Wednesday, March 30, 2011

Does Your Work Measure Up?

It's the question that every creative needs to ask themselves at some point in their career - it's actually a question that you should be asking yourself constantly. Does your work measure up?

For most artists, especially those starting out, often times the answer that we often find is probably "No." For those of us that have gone to art school or had some sort of formal training, we're always studying other artists who have come before us, and are constantly compared to the best students that have preceded us. We've survived constant critiques which tend to focus on what we're doing wrong (after all, our teachers want us to fix our mistakes). If we haven't had formal training, and are self-taught, we've spent even more time studying and comparing ourselves to our role models and other artists whom we respect and learned our own skills from.
Growing up (at least as an artist) in this sort of critical environment can be beneficial, as we're constantly learning from our mistakes and developing our skills in order to create art. By getting feedback and taking a objective look at our own work, we're able to grow and thrive as an artist.
The big pitfall, however, is if you are measuring your work against the wrong metrics.

If you're just starting out on your art career, you have to be going after the right targets. Yes, it's great to shoot for the stars and go after famous artists and try and compete with household names, but at the end of the day, if you're at all discouraged because someone sells more than you, or maybe they got into a gallery that you wanted to get into, if you're comparing yourself to anyone but yourself, you're measuring yourself to the wrong person.

If you compare your own work to anyone else's, you're doing yourself a disservice. Even if you were classmates in school and took all the same classes, your lives are different. Because art is such a personal thing, it is highly affected by your life: your state of mind, your family situation, where you grew up, your income level, your friends, everything. In that way, just because you and Artist X took all the same classes and studied under the same people and both started painting at the same time, you'll never really know their whole story.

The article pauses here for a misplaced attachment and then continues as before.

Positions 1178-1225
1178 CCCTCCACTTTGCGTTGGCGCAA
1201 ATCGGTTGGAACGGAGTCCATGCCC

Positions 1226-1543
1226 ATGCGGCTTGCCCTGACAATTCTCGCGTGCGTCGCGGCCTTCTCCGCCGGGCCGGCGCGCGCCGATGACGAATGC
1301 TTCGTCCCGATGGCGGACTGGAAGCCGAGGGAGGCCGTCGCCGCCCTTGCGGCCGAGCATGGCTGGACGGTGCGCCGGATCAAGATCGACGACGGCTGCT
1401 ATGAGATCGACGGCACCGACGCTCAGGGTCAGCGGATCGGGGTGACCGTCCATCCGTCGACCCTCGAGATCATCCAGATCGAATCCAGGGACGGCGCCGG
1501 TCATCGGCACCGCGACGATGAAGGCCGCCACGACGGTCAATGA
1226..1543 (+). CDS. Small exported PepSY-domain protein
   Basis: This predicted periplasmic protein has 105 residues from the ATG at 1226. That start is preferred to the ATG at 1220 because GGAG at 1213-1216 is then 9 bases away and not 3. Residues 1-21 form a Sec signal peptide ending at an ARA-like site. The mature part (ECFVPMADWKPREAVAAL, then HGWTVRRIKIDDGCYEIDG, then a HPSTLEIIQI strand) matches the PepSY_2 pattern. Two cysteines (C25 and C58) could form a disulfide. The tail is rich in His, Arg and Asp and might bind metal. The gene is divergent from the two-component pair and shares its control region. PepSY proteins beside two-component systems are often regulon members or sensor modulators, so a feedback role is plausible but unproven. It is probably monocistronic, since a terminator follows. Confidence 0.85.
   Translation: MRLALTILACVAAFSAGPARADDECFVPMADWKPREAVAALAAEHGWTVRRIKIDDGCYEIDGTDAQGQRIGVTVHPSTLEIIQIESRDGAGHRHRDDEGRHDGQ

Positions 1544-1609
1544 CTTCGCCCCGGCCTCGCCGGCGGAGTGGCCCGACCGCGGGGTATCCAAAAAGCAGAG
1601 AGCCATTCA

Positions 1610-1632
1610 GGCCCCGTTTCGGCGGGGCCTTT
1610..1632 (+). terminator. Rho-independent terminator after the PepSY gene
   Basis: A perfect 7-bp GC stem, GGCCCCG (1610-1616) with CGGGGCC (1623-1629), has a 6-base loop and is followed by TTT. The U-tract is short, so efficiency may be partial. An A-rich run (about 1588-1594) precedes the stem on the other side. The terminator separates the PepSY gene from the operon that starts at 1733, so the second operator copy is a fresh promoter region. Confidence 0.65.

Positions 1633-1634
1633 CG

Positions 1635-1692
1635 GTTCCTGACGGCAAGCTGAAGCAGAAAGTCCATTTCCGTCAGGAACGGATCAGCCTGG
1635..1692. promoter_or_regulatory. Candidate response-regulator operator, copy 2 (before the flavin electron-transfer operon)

Often times we'll compare ourselves to other professional artists and it takes us a while to realize that we're focusing on the wrong person. It doesn't matter what other artists are doing, or how successful they are, or how long they've been painting. What really matters is how much time and effort did we oursleves put into the work. Did we do our very best? Could we have done better?

Art is subjective. If your work doesn't measure up to someone else, who cares? Sure, we want our art to be the best it can be and to succeed and thrive and find a huge audience to enjoy it. But really, none of that is really in our control. We can't force people to like our art. What we can do is make sure that WE love our own art, and that WE are doing the very best that we can be doing. After all, that's what really counts.


Anonymous said...

The comparison trap is often what stymies artists most. Since art is so subjective- it's important to know why you are doing what you're doing. Do you find joy in it? Is it something you have to express? I have been thinking recently about why I write and when I think about it I write because it gives me joy. An audience that appreciates it is bonus. Have you ever read the book "Art & Fear"? It's a good one.

Rick Kitagawa said...

Thanks for stopping by lavie - we totally agree. And we find that if you create for you because it makes you happy, the audience that appreciates it will come along (perhaps with a little bit of marketing).

We've read a bit of "Art & Fear," but will definitely pick it up again. Thanks!